The Case Shiller data released on November 26 is based on September closing prices negotiated in July. Because the Thanksgiving report covers deals negotiated on the 4th of July the current inventory levels and mortgage rates have no impact on them. Prices in the three California cities (Los Angeles, San Francisco, and San Diego) grew at an annual rate of 38% in April but are now growing at 16%. Prices in the 20 city index grew at 13%. The growth in the current reporting period came from large cities where prices tend to be stable. If three stable cities did not grow at an increased rate last month the index would be flat. These cities are New York, Boston and Detroit. (The Detroit suburbs are growing nicely.) This growth pattern is unusual. Next month will tell whether this growth was caused by buyers rushing to avoid the possibility of future mortgage rate increase. It is likely at a trend line calculated with the next month’s data will be more negative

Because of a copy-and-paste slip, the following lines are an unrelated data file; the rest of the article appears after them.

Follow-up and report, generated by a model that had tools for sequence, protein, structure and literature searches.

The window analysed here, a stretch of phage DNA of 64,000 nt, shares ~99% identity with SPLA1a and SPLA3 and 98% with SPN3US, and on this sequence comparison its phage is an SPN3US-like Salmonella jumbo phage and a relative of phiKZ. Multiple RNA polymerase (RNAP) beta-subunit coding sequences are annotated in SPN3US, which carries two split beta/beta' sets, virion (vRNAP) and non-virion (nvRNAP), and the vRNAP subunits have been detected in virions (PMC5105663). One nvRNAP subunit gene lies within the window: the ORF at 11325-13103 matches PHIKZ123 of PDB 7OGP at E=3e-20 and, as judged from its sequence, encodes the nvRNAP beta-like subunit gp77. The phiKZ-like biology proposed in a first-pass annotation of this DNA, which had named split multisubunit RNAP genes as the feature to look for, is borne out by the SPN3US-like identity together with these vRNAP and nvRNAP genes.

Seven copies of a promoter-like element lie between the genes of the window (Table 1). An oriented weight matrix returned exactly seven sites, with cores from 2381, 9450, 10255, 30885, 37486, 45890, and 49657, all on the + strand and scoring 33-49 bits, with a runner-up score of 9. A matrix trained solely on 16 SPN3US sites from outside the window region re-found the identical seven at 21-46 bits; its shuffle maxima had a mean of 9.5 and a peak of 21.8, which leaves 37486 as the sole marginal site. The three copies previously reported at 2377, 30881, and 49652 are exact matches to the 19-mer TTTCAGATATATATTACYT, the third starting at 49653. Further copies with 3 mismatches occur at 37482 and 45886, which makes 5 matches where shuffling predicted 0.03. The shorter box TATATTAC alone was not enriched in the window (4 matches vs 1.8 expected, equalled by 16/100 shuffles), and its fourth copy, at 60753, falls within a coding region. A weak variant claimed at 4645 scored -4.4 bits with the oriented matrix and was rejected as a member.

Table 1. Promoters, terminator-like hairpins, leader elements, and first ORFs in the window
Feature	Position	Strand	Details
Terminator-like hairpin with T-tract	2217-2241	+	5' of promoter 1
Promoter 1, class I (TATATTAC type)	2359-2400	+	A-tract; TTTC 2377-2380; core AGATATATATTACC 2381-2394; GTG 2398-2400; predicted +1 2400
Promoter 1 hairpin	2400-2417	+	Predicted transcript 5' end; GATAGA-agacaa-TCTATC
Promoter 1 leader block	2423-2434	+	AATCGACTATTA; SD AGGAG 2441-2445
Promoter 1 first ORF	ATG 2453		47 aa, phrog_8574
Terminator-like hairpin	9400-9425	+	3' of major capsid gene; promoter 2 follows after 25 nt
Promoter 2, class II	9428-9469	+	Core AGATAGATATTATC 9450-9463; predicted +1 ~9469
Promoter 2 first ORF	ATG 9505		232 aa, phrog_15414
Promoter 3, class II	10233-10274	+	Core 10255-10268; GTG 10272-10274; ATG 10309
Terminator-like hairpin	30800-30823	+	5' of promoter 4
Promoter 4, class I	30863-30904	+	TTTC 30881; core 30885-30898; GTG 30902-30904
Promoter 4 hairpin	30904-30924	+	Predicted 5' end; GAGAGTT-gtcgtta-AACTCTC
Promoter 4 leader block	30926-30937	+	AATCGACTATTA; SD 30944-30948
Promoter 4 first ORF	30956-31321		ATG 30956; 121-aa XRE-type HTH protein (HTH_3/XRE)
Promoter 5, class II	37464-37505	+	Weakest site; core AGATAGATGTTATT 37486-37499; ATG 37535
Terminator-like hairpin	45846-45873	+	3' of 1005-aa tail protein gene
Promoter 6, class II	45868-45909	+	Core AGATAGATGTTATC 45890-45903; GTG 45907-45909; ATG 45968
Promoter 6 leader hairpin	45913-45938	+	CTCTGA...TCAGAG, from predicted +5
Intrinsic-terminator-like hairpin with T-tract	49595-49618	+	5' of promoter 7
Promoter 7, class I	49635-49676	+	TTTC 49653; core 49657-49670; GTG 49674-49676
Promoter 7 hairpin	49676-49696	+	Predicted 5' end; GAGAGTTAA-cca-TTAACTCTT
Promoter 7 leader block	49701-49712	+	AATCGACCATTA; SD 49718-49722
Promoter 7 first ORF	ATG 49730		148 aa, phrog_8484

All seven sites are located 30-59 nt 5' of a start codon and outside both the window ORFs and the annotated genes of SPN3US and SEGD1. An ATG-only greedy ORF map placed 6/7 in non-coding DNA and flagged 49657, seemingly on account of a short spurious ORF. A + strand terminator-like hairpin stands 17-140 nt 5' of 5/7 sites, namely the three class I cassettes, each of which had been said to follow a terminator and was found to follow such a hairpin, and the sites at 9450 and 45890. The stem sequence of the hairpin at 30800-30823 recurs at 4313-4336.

A trend of the last 5 months is shown below. The Three California cities trend is converging with the 20 city trend. The trend line for the 20 city index results in a decline at of 13% by yearned 2014. The average decline for 2014 reporting would be 7%. This is illustrated in the graph below. The monthly scale is based on the month of closing, not reporting.
Source: Case Shiller
Historically in regional housing cycles a contraction would end with the prices adjusted for inflation back where they were at the beginning of the cycle. California and most other cities in the Case Shiller index are above that level. Low interest rates and FHA financing with as little as 3% down have kept these prices above the historic levels. The surge in prices is an example of Fed Governor Jeremy Stein’s warning about the risks chasing higher yield
Prices were declining in 2001 in the current case, higher FHA loan limits were reinstated, increasing prices beginning in November 2011. This surge died off in May 2012 but then the lower mortgage drove the prices to the peak seen in March. Prices have been falling because investors’ appetites dropped as rising house prices made single family homes less attractive, partially in California. The price swings reflect an unstable market in Metro areas. FHFA prices which are more reflective of the national price grew 8% in the third quarter compared to 11% in the Case Shiller. Most areas outside the Case Shiller index have prices that are where they were in 1997 adjusted for inflation when the bubble started. These prices will be stable. That cannot be said most cities in the 20 city index.